When I press on 'Show on Map' the Google Map is close with individual trees visible. Press to change the location the map has panned out and I cannot get it to zoom in, I have to just stick a red bubble. Conifers, would you be able to put this directly in front of the 65 metre tree.
Zooming in now, intermittant problem.
Thank you Conifers, able to move them to the exact spot once you have stuck them near.
European beech at Trollskog in Torna Hällestad, Dalby, Sweden
A technical point: as these trees are seed-grown (self-sown), they are Fagus sylvatica f. tortuosa, and not the cultivar 'Suenteliensis', which to be true to name can only be propagated clonally by grafting.
Thanks for this. You are absolutely right; this is the naturaly occuring forma tortuosa. I had the same type of discussion with Fagus sylvatica 'Asplenifolia'.or 'Laciniata'. This leafform also occurs naturaly and has been grafted under a few different names.
Thanks, that's true, it's not a clone. I changed name. New problem: I cannot get a small "f" before tortuosa. The system automatically generates a capital F. Will ask Tim to change it. But what must we think about the oak, MT nr. 18706? :)
I changed the cultivar 'Tortuosa' in subsp. tortuosa, and registered this tree as such.
I also made it so that cultivars/varieties always get a capital letter (as was the case), but subspecies don't.
Thanks! A bit of clarification though, re "I also made it so that cultivars/varieties always get a capital letter (as was the case), but subspecies don't".
The ranks of subspecies, variety and forma are botanical, and governed by the International Code of Botanical Nomenclature; they are always in italics and begin with a lower case letter, and must always show an indication of which rank is being used (the rank NOT in italics!):
Pinus nigra subsp. salzmannii
Pinus sylvestris var. hamata
Fagus sylvatica f. tortuosa
Cultivars, and cultivar groups, are governed by the International Code for Nomenclature of Cultivated Plants; they are not in italics, and begin with a capital; individual cultivars are in single quotes, groups of similar cultivars not in quotes:
Acer platanoides 'Crimson King'
Acer palmatum Dissectum Group
Hope this helps!
Need abit of help with this one, more photos available if required. The trunk pattern didn't seem smooth enough for Abies Grandis, the foliage not flat enough and the shape not quite right for conventional Grandis that I have seen? What is this tree?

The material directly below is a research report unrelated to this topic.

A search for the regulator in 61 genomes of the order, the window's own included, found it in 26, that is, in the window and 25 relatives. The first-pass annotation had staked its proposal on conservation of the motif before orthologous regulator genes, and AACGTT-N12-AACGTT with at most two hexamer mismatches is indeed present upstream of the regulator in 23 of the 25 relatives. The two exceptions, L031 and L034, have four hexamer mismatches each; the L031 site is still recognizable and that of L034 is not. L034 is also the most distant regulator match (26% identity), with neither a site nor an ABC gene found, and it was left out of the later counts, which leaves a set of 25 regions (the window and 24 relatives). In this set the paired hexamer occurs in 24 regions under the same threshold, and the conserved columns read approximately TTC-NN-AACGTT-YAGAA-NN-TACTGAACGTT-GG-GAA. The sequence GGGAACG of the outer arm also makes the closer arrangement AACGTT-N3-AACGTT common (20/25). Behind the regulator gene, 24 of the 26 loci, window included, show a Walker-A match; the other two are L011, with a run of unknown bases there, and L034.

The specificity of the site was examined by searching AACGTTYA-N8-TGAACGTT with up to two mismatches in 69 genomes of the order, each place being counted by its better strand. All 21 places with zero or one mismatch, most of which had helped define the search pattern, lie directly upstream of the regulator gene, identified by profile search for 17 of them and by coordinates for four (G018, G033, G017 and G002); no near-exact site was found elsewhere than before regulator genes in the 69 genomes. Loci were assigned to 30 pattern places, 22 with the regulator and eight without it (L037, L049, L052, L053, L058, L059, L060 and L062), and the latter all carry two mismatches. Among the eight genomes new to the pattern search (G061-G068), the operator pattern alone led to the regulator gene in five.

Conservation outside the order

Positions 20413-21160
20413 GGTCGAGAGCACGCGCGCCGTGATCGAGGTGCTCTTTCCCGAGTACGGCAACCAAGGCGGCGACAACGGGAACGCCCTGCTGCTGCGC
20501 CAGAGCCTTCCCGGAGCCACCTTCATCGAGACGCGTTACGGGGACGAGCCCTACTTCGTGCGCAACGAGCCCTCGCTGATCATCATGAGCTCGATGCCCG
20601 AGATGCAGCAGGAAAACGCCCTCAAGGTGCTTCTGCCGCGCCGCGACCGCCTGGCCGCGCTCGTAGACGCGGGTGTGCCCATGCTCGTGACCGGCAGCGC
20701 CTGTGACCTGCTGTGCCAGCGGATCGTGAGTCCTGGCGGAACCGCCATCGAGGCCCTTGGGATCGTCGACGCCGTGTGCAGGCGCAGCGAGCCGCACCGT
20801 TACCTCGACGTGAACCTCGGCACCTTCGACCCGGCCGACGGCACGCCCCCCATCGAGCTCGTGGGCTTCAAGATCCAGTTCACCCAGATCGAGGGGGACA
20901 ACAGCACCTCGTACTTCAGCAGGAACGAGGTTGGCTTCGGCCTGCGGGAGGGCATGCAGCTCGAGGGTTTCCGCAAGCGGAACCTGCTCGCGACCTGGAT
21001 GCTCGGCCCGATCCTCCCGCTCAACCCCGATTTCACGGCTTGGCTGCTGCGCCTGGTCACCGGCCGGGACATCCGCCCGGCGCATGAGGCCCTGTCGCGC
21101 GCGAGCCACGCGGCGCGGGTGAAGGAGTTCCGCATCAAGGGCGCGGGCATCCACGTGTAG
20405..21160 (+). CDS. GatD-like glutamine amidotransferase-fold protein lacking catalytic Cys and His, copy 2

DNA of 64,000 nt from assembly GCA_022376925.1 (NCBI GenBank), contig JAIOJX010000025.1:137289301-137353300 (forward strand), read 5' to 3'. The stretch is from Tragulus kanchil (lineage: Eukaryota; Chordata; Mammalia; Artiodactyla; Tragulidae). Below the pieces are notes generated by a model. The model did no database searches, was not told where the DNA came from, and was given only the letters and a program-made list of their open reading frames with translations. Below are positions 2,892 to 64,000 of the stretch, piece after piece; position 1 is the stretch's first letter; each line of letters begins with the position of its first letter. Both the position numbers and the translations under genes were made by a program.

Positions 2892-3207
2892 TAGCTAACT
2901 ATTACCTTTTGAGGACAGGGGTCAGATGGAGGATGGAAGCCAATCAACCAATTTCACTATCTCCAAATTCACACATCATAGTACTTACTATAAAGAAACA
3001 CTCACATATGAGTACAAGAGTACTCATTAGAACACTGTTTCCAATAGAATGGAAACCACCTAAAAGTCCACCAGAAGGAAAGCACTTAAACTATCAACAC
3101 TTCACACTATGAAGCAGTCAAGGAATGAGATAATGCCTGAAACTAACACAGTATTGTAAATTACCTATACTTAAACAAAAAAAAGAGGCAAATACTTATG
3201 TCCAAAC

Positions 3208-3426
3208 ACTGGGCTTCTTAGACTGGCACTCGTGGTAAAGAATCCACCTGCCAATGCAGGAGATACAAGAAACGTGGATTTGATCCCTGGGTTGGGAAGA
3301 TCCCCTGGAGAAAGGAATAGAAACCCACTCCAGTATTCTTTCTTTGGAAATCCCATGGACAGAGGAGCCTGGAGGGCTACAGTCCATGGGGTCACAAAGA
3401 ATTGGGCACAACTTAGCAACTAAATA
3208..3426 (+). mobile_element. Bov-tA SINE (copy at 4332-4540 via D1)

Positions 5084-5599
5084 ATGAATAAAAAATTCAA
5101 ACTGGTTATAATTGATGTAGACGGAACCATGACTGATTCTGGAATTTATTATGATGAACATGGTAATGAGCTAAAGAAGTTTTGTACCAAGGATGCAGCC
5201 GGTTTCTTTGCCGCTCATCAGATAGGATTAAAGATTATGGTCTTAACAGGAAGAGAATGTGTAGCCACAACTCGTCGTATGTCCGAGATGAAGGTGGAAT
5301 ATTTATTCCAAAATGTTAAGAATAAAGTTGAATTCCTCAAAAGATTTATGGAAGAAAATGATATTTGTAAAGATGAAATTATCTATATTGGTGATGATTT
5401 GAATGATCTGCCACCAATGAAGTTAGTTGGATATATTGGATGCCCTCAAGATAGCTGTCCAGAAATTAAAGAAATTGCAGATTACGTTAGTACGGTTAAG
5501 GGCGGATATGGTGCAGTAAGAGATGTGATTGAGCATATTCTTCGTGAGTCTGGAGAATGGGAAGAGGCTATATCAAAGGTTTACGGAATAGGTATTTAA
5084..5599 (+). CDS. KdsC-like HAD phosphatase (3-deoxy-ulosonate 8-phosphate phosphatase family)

The bark looks OK to me for Abies grandis, it gets like this on mature trees. What foliage was it you looked at, if it was windblown upper crown foliage, then that's normal for the needles to be more assurgent.
Hello Conifers, the tree had lower branches sweeping down and I photographed the foliage close up which I have posted if you look at all the photos. Not seen any really big, old Grand Firs as close up as this so not seen the ribbed bark like this before. The terminal foliage on the shoot ends around the buds also seemed abit more rounded than other Grand Firs that I have seen but maybe this is with age as well, I suppose it is what you have seen yourself which you compare to.
Thanks! What the foliage does fit in that case is the interior subspecies Abies grandis subsp. idahoensis (from east of the Cascades crest); this has somewhat assurgent foliage throughout the crown, not just at the top of the tree. The only problem with this is that it is a smaller, slower-growing tree than coastal subsp. grandis, a 50 metre specimen would have to be ancient.
Abies grandis subsp. idahoensis grades into Abies concolor in the south of its area, including (in the southwest of its area) into Abies concolor subsp. lowiana, which is also a large, fairly vigorous tree (though not as vigorous as subsp. grandis). But it does perhaps offer a potential source location in the southern Cascades in Oregon.
It might be worth contacting the FC to see if they have planting records for the plot. A lot of the older plantings of Abies grandis in Britain are of the interior subspecies (being smaller, it was much cheaper to collect the seed!), before foresters discovered how much slower and poorer its growth was compared to coastal origins.
Hello Conifers, I had never heard of Idahoensis, learn something new every day. From reading the description it does describe these trees, the foliage just didn't seem flat enough for conventional Grand Fir (quote 'stongly flattened' from one site) and it seemed to taper around the buds and recurve more than the usual Grandis (you can see it in the photos) which I have seen myself albeit I won't have seen as many examples as people like Kouta, yourself, Owen etc. Any comments from anyone else, Owen, Kouta, Jeroen, Karlheinz?
Just uploaded a further foliage photo of this tree taken up tree. As said, still might be wrongs but it just didn't look fully right for Abies Grandis, the rounded tapering recurving needles around the terminal buds.
Hi Red Rob and Conifers and all
I'm back after my busy summer!
Foliage is typical for Grand Fir east of the Cascades. Most seed imports into this country up to the 1960's were of this interior form. I remember seeing this tree last Sept, so 52m, yet another!!
Hello Stephen, welcome back, missed reading your posts. This does look like Idahoensis, this one wasn't even the tallest, that was 53 metres for the other one that I put on here the other day. Vyrnwy, cloud and mist was hanging over the lake and it may be fairly mild comparative here, would this mean that Idahoensis would possibly have more potential for growth here than east of the Cascades which I imagine is certainly colder in winter and drier?